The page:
In 1756, the earl was appointed captain-general and governpr-in-chief of the province of Virginia, and on 20th March of the same year he was constituted commander-in-chief of all the British forces in America.

      Great Britain declared war against France in May, and on the earl’s arrival in New York on 23d July, he repaired immediately to Albany, the seat of government of the state of New York, to take command of the forces assembled there. In August the French made themselves masters of Forts Oswego and Ontario. Having on 3d January 1757 laid an embargo on all outward bound ships, for the purpose of concealing his plans as to the contemplated siege of Louisburn, and afterwards wasted the time of the army at Halifax, instead of proceeding to active operations, a clamour was raised against him at home, and in the following December, he was recalled from America. He was second in command, under Lord Tyrawley, of the British troops sent ot Portugal, in February 1762, when spain declared war against that country. He died 27th April 1782, in his 77th year. At the time of his death he was colonel of the 3d regiment of foot-guards, a general in the army, governor of the castle of Edinburgh, a privy councillor, one of the Scots representative peers, F.R.S., and the third field officer in the army. Although so much occupied abroad, he paid great attention to the improvement of the grounds around Loudoun castle in Ayrshire, which was one of the first places in the west of Scotland where foreign trees were planted. “John, earl of Loudoun,” says Dr. Walker, “formed at Loudoun castle, the most extensive collection of willows that has been made in this country, which he interspersed in his extensive plantations. Wherever he went, during his long military services, he sent home every valuable sort of tree that he met with. All the willows he found cultivated in England, Ireland, Holland, Flanders, and Germany, as also in America and Portugal, where he commanded, were procured and sent to Loudoun.” As he died unmarried, the title devolved on his cousin, James More Campbell, only son of the Hon. Sir James Campbell of Lawers, third and youngest son of the second earl of Loudoun.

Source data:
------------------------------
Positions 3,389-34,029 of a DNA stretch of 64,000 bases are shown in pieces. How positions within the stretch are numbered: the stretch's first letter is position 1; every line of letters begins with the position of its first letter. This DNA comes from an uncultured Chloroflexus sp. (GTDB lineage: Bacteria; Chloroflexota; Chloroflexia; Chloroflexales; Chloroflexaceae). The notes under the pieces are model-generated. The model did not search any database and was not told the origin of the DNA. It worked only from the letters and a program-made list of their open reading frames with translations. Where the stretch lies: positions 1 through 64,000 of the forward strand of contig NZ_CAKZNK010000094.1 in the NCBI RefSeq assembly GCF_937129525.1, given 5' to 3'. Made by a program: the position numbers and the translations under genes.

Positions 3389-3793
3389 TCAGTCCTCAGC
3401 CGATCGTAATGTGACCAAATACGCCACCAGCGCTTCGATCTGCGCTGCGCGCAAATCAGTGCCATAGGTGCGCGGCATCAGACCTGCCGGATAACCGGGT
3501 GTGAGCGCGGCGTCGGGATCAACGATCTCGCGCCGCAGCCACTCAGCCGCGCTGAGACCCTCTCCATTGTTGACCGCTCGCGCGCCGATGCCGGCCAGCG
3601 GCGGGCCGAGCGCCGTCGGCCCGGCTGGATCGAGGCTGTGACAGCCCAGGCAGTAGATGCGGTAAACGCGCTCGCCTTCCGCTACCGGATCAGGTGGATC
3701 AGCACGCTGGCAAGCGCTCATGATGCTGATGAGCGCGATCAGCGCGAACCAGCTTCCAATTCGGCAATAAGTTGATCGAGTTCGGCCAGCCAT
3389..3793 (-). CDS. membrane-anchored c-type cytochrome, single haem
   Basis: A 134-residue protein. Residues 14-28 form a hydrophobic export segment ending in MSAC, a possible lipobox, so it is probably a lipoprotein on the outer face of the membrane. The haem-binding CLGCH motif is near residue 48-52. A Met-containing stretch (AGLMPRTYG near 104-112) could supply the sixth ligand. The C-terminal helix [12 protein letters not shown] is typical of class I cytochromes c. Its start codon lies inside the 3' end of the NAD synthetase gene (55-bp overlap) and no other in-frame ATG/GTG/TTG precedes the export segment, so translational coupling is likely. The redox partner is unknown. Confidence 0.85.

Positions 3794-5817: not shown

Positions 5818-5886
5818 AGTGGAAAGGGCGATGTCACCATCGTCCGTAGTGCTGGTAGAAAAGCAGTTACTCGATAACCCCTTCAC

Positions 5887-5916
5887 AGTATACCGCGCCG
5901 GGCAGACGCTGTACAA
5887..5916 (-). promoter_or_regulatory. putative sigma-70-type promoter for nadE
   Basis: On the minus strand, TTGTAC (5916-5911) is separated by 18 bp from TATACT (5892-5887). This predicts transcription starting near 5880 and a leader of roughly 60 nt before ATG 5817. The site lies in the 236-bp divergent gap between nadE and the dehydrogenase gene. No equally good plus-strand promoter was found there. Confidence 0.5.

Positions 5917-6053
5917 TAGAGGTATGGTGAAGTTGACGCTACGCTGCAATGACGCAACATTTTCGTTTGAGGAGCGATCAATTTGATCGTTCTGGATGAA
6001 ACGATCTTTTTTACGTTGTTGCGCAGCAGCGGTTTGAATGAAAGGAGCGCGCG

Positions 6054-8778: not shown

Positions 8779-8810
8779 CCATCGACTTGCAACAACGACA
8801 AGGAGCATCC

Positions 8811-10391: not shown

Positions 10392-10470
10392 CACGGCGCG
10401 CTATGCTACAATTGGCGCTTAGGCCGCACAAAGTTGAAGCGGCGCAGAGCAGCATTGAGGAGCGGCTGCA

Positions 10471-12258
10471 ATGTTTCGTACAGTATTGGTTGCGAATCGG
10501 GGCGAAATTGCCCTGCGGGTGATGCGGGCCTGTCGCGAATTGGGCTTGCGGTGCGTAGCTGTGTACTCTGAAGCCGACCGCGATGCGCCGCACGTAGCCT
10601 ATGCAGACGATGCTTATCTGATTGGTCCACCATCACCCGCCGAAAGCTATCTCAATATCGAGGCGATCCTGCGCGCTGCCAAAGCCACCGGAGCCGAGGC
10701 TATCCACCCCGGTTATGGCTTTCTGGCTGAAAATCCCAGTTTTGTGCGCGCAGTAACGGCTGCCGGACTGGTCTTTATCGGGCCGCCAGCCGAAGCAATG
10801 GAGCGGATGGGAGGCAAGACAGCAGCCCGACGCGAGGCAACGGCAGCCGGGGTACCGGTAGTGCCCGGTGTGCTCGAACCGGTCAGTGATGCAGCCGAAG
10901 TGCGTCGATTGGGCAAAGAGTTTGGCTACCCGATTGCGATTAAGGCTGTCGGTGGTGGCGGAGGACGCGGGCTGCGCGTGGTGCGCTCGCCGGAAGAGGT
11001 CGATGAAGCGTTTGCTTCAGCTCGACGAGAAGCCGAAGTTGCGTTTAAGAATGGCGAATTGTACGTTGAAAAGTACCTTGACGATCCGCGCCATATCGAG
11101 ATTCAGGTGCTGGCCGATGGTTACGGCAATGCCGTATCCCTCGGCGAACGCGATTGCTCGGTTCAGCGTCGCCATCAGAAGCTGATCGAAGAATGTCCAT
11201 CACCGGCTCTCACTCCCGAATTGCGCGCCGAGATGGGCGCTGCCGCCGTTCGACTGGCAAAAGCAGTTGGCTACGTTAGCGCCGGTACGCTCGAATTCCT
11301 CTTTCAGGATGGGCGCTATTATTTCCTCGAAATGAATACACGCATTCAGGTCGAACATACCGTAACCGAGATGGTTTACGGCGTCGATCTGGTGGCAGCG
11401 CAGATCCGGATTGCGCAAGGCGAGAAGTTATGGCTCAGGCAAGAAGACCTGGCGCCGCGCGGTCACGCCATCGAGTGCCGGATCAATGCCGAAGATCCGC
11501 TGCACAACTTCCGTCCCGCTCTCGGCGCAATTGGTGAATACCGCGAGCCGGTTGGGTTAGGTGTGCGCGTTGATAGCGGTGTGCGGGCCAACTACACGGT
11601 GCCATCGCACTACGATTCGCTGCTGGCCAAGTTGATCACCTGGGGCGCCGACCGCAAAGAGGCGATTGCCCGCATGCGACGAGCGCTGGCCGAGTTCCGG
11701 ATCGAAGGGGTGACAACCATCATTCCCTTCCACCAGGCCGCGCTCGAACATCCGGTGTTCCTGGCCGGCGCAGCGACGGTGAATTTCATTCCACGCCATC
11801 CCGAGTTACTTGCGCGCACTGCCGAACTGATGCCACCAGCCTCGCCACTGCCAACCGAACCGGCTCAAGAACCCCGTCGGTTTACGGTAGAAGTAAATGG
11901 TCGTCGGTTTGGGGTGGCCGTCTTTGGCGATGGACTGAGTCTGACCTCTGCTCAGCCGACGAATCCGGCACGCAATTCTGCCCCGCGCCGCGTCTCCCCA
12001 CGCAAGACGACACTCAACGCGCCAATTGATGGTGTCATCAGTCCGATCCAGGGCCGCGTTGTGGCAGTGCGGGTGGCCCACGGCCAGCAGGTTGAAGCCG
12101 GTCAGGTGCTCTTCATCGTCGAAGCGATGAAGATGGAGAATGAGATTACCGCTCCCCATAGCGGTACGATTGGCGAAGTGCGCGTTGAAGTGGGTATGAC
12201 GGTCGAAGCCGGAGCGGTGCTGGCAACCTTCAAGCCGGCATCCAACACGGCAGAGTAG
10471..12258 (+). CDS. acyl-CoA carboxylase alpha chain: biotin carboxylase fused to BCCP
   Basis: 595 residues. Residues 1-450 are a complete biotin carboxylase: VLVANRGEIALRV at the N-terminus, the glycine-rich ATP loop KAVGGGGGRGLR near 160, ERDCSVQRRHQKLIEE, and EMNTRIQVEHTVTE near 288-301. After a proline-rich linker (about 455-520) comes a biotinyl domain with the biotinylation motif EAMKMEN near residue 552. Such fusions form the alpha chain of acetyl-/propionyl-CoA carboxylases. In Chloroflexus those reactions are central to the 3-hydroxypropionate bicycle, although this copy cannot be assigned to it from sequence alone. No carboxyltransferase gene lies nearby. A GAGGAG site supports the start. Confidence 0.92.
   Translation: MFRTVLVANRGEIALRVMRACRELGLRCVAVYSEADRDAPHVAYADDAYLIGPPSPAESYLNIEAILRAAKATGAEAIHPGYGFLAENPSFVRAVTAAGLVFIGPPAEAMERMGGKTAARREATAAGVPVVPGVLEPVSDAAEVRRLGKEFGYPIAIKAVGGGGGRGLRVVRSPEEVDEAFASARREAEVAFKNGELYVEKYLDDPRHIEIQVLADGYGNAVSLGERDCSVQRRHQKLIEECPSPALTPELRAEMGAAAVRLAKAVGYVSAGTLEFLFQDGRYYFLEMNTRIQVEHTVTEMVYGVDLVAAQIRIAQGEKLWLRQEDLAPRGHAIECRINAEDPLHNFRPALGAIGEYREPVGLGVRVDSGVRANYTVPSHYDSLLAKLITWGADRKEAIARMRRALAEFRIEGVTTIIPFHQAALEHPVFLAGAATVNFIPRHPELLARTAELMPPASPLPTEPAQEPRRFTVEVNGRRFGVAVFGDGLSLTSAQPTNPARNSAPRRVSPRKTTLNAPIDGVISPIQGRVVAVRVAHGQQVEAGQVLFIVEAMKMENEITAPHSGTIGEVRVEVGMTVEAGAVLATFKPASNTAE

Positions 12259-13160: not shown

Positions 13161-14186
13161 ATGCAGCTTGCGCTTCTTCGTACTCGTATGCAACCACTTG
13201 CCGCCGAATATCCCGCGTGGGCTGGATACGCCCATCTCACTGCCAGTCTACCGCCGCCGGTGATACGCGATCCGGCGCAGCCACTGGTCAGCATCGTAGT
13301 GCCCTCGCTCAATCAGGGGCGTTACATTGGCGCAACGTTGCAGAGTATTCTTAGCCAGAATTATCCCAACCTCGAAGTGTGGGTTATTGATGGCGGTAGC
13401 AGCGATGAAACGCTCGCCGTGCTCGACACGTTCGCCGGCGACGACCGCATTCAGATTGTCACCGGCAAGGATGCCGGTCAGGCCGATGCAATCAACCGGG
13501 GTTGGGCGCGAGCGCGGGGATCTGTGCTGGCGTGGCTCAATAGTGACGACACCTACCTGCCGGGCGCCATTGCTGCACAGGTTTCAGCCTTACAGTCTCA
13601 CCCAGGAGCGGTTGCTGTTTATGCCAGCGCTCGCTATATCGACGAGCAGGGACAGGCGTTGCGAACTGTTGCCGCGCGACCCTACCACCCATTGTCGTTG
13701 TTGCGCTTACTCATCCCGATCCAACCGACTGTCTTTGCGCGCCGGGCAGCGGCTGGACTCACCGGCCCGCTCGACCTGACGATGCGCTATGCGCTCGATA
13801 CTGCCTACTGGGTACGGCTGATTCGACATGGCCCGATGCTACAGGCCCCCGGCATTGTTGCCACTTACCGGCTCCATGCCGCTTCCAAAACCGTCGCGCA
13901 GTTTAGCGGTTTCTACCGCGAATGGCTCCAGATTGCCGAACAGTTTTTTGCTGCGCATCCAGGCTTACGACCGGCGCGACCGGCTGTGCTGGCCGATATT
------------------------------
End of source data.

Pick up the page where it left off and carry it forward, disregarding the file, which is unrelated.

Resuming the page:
Sir James, having early entered the army, served under the duke of Marlborough. At the battle of Maiplaquet, 11th September 1709, being then lieutenant-colonel of the Scots Greys, at the head of a party of his men he attacked the French, and cut his way through the midst of them, and then returned by the same way. This sally is said to have greatly determined the victory on the side of the allies. Being contrary to rule, however, he exposed himself to censure by it, but Prince Eugene of Savoy, the commander-in-chief, the day after the battle, returned him thanks in the face of the army for exceeding his orders. He got the command of the Scots Greys, 15th February 1717, and was appointed one of the grooms of the bedchamber to George II. In 1727 he was elected M.P. for Ayr, and in 1738 constituted governor of Edinburgh castle. At the battle of Dettingen, 16th June 1743, his courage and conduct were so conspicuous that George II. invested him with the order of the Bath at the head of the army. At the battle of Fontenoy, 30th April 1745, he commanded the British horse, but was mortally wounded, one of his legs being taken off by a cannon ball. Dying soon afterwards, he was burned at Brussels. He married Lady Jean Boyle, eldest daughter of the first earl of Glasgow, by his second wife, Jean, daughter and heiress of William Mure of Rowallan, and had, with a daughter, one son, James Mure Campbell of Lawers, who succeeded his cousin in the earldom.

      James, fifth earl, assumed the name of Mure, on succeeding to the estate of his grandmother, the countess of Glasgow. In 1754 he was elected M.P. for Ayrshire, and attained the rank of major-general in the army, 19th October 1781. He died 28th April 1786, in his 61st year. He had married, 30th April, 1777, Flora, eldest daughter of John Macleod of Rasay, Inverness-shire, and by her had an only child, Flora Mure Campbell, countess of Loudoun, in her own right, born in 1780, died in 1840. She married, 12th July, 1804, Francis Rawdon Hastings, earl of Moira in Ireland, then commander-in-chief of the forces in Scotland, created marquis of Hastings, 7th December 1816, and, with three daughters, had a son, George Augustus Francis, second marquis of Hastings and sixth earl of Loudoun. Of the amiable, accomplished, and unfortunate Lady Flora Hastings, the eldest daughter, a memoir is given earlier. The second marquis of Hastings had, by his marchioness, Barbara Yelverton, Baroness Grey de Ruthyn, two sons and four daughters. Paulyn Reginald Serio, third marquis of Hastings, and seventh earl of Loudoun, an officer in the army, was drowned at Liverpool, 17th January 1851, in his 19th year. He was succeeded by his only brother, Henry Weysford Charles Plantagenet, fourth marquis of Hastings and eighth earl of Loudoun, born 22d July 1842.